20 Reimbursement System Improvements in FY 2012 As previously stated, the new Management and Program Analyst in the FBI OVA implemented a new tracking system for use beginning in FY 2012 that allows the FBI OVA to record expenses by line item rather than quarterly total. Using this new system, the FBI OVA provides information directly to the FBI Finance Division on total amounts that need to be reimbursed. The FBI Finance Division, therefore, no longer generates reports from the FBI FMS to verify with the FBI OVA as all reimbursement amounts are now supplied by the FBI OVA. If properly implemented, we believe that this new process could allow the FBI to more accurately request reimbursements from the OVC for CVF expenses incurred. INACCURATE REPORTING OF TOTAL EXPENDITURES TO THE OVC In addition to tracking and documenting CVF expenditures, the interagency agreement between the OVC and the FBI also requires the FBI to provide final financial accounting to the OVC detailing the expenditure of funds for the fiscal year, and to report a figure for any remaining funding that will carry over into the next fiscal year. 21 Due to the inadequate internal controls over the CVF funds, we found the FBI over reported total expenditures to the OVC in FY 2009 by approximately $354,000 and, therefore, under reported the carryover amount to the OVC by the same amount. Because annual accounting of CVF expenses and unspent funding is used to determine subsequent CVF distribution amounts, the FBI s inaccurate reporting of expenses and carryover amounts potentially affected the amount of CVF funding it received in subsequent years, as well as the amount of CVF funding that was allocated to state and local programs after the FBI received its distribution amount. Reporting accurate total expenditure of funds for the year to the OVC allows the OVC to evaluate the cost of supporting the program for the year and assists the OVC in determining appropriate funding levels to support subsequent year activities. At the end of FY 2009, the FBI OVA reported approximately $1,498,000 in carryover, which represents the FY 2009 CVF funds that remained unspent at the end of the fiscal year. FBI officials were unable to provide support for the carryover figure reported to the OVC. In order to evaluate the accuracy of the reported figure, we reviewed the records created by the FBI OVA to more accurately account for the FY 2009 of reporting. 21 The carryover amount is an estimate based on the accounting records at the time 14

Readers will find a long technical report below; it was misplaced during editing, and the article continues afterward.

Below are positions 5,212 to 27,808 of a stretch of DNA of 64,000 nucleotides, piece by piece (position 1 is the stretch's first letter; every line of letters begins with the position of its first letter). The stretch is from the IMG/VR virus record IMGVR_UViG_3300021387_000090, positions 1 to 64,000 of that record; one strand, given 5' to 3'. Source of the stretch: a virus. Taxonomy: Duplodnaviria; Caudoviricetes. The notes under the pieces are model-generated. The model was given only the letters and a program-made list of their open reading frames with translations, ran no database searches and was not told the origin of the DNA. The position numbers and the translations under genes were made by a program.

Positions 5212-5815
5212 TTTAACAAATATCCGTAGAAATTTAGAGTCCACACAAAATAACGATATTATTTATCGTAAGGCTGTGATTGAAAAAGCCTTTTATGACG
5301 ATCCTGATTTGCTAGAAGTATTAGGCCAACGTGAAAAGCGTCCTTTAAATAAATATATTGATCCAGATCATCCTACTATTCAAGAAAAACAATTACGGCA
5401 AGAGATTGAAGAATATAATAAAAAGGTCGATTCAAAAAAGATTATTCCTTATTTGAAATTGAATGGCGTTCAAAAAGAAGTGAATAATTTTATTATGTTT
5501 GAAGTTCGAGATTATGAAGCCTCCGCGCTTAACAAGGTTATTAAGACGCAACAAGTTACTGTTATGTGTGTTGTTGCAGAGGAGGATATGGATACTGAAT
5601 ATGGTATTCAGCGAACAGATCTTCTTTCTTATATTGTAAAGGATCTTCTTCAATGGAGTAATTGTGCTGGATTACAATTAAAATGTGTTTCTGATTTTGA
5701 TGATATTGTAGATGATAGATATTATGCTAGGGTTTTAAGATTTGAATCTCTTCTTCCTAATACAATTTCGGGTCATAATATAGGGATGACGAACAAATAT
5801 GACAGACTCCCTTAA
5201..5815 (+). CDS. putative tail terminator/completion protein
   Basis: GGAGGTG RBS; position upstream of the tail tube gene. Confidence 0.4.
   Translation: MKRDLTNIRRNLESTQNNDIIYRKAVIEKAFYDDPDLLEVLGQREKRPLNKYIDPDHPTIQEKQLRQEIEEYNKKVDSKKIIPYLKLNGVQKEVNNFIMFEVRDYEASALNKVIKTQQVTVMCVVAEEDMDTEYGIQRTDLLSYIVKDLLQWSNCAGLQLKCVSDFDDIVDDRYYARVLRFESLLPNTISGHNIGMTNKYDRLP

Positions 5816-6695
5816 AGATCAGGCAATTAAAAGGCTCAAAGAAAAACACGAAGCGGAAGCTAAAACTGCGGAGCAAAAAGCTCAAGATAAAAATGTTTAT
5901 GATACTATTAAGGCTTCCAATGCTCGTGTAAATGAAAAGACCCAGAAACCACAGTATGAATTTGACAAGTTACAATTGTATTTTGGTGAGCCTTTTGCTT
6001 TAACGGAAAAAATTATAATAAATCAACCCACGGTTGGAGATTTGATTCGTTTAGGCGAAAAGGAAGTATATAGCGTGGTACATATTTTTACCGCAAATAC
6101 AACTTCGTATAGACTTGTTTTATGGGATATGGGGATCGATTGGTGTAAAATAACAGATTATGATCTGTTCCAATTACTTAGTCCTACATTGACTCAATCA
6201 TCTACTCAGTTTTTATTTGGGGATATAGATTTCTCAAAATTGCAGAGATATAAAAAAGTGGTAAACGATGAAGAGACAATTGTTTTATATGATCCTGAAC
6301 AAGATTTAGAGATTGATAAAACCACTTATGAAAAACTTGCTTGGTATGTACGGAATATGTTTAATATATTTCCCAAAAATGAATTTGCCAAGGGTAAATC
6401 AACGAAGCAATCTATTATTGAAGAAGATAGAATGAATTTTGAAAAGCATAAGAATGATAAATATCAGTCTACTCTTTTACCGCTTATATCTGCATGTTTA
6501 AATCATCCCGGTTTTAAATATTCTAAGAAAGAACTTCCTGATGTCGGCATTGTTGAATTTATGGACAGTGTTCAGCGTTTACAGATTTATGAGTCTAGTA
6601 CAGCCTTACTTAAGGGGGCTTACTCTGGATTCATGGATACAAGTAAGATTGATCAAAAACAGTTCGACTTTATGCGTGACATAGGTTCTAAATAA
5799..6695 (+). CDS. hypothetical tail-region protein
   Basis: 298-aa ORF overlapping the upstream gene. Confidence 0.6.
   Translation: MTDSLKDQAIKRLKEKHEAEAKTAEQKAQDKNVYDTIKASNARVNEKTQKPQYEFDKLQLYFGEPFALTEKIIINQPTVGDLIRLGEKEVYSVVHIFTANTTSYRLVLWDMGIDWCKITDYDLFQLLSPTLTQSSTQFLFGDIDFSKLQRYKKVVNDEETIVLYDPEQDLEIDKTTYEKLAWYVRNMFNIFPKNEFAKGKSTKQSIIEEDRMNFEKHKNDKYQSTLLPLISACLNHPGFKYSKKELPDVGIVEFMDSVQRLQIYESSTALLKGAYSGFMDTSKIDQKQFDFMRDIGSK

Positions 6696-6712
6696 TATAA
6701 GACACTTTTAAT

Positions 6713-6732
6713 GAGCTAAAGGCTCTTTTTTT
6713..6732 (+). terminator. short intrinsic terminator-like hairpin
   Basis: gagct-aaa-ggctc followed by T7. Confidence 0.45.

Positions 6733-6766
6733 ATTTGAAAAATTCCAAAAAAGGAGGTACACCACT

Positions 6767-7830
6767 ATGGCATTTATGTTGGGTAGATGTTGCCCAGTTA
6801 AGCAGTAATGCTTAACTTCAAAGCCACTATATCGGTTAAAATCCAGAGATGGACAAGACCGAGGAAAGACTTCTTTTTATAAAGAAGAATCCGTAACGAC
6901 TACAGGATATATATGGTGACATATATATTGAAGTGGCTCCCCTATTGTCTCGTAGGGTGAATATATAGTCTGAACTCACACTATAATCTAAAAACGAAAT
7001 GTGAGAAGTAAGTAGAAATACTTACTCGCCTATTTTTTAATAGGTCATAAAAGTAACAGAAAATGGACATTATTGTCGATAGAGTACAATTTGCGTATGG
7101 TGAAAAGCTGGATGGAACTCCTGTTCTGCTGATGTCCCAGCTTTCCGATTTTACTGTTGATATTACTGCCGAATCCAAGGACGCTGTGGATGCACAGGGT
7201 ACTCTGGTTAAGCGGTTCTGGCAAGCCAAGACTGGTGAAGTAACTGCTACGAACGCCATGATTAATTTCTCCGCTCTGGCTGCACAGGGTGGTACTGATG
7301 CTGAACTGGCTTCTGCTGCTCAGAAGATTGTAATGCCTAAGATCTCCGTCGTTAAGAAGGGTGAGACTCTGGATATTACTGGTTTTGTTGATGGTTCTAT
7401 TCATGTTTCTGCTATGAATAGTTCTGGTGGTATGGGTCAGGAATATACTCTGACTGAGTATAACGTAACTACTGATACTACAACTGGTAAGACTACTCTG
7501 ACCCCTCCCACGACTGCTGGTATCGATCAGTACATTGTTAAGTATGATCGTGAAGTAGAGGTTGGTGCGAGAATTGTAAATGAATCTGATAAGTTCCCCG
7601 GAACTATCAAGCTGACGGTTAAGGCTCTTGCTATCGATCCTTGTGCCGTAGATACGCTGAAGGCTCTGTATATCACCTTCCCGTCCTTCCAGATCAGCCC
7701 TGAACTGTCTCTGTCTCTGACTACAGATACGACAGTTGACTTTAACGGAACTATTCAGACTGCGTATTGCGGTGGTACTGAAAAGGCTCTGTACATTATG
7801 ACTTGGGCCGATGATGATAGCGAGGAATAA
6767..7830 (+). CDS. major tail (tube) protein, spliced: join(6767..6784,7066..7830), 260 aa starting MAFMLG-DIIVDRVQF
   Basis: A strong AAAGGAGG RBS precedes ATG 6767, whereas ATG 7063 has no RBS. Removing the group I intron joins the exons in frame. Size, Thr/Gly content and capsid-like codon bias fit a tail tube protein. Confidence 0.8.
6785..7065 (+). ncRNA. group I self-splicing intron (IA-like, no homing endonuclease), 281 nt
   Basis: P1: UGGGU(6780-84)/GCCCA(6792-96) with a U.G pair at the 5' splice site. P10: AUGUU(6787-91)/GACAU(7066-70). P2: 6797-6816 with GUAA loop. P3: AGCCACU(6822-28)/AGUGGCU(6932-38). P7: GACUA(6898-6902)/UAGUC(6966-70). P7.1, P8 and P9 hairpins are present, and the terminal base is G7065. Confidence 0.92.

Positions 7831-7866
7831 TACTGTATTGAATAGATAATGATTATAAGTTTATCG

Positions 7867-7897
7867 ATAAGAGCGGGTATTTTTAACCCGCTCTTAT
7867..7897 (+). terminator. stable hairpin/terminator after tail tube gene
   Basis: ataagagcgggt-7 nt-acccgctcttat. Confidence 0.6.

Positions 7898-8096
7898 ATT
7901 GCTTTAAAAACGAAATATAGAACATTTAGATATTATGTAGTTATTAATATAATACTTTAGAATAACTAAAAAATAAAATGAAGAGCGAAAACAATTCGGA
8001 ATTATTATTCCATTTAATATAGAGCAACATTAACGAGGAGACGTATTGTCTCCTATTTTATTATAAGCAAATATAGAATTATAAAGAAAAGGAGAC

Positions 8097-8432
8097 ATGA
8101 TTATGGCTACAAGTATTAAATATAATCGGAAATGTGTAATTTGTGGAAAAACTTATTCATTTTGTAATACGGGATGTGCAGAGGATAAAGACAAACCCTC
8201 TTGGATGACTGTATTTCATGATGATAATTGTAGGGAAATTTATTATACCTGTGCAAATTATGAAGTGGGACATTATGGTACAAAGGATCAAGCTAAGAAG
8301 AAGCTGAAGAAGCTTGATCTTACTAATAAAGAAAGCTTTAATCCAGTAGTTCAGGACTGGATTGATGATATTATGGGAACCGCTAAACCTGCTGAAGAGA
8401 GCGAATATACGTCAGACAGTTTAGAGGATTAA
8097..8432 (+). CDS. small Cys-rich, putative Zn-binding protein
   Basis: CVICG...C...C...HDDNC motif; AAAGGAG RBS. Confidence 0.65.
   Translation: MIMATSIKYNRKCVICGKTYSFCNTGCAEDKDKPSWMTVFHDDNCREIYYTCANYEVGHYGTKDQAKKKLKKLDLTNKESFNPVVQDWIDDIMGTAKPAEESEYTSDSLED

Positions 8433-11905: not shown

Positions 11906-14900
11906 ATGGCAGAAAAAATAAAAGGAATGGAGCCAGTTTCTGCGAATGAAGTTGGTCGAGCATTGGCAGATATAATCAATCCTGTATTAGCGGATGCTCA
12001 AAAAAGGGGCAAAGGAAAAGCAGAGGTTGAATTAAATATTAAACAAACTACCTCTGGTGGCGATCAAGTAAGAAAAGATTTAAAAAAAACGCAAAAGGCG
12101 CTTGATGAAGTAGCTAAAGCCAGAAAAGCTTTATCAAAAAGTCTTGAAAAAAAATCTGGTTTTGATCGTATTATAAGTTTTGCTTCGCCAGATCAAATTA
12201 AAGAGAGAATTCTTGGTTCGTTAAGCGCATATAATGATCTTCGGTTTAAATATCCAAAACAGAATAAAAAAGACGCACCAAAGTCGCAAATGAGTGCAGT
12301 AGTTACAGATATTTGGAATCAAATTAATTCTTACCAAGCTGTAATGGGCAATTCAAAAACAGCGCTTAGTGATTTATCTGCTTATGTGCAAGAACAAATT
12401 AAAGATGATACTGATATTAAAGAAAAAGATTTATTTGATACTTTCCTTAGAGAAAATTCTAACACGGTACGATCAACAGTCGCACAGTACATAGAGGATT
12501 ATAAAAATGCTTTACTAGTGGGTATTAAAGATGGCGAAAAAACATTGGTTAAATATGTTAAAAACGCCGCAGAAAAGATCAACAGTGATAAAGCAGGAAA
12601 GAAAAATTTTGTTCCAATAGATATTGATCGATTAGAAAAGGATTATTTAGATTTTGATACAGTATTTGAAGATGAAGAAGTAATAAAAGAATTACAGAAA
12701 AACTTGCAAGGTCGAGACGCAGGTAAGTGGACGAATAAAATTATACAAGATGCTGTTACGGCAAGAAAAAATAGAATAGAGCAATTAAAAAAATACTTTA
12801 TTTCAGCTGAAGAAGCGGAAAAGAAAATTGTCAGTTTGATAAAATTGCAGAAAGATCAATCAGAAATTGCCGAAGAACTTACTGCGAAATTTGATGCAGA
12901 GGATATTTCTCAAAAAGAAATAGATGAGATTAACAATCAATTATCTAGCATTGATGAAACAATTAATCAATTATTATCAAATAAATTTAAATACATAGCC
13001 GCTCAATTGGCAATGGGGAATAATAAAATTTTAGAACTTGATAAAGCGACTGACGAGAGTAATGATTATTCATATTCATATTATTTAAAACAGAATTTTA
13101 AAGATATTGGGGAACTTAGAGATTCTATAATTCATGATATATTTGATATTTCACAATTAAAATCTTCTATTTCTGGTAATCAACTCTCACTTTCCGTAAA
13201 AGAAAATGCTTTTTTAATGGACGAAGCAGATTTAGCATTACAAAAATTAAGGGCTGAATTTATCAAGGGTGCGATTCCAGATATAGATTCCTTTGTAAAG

21 CVF expenditures and found that the FBI s total CVF expenditures in FY 2009 were approximately $12,790,000. The FBI s total available funding for FY 2009 was approximately $14,641,000, meaning the carryover reported to the OVC should have been $1,851,000, not $1,498,000. By under reporting the carryover amount to the OVC by approximately $354,000 for FY 2009, the FBI received approximately $354,000 more in new CVF funds in FY 2010 than they otherwise would have. 22 Additionally, because the OVC uses the total carryover amount from the previous year to determine the funding levels received by the FBI in the subsequent year, and the annual distribution of new CVF funds to the FBI is made before the state and local victim assistance programs, inaccurate reporting by the FBI potentially affects the amount of funding provided to state and local programs in subsequent years. In fact, 21 percent of the states and territories were awarded less than $354,000 in funding in FY 2010 from the state victim compensation grants. Although the total amount of carryover reported to the OVC was only under reported by 2 percent of the FBI s total CVF distribution amount, we believe the deficiencies with the accounting system and controls in place at the FBI, if not addressed, create the potential for material misstatements to occur in the future. We also asked the OVC officials what financial accounting data is provided by the FBI to adhere to the interagency agreement requirements to provide detailed financial accounting of CVF expenses and report a carryover amount for remaining funding. We were informed that the FBI Finance Division s reimbursement spreadsheets are provided to the OVC as the accounting records. We reviewed the reimbursement spreadsheets and found that the spreadsheets provide quarterly expenditures that have been reimbursed by the OVC by budget category without providing adequate details about what expenses comprise those totals. For example, the total expenditures listed under miscellaneous other services for FY 2009 was approximately $762,000, of which the FBI received approximately $566,000 in reimbursement, but the spreadsheets offer no detail regarding what the miscellaneous office expenses included. We also found total incurred expenses of approximately $108,000, which was reimbursed by the OVC, on the reimbursement spreadsheet in FY 2009 that did not have a description other than an FBI accounting code. Without adequate accounting information, the OVC cannot ensure CVF funds are being utilized in accordance with all rules, regulations, and guidelines. We therefore believe 22 Differences in amounts are due to rounding. 15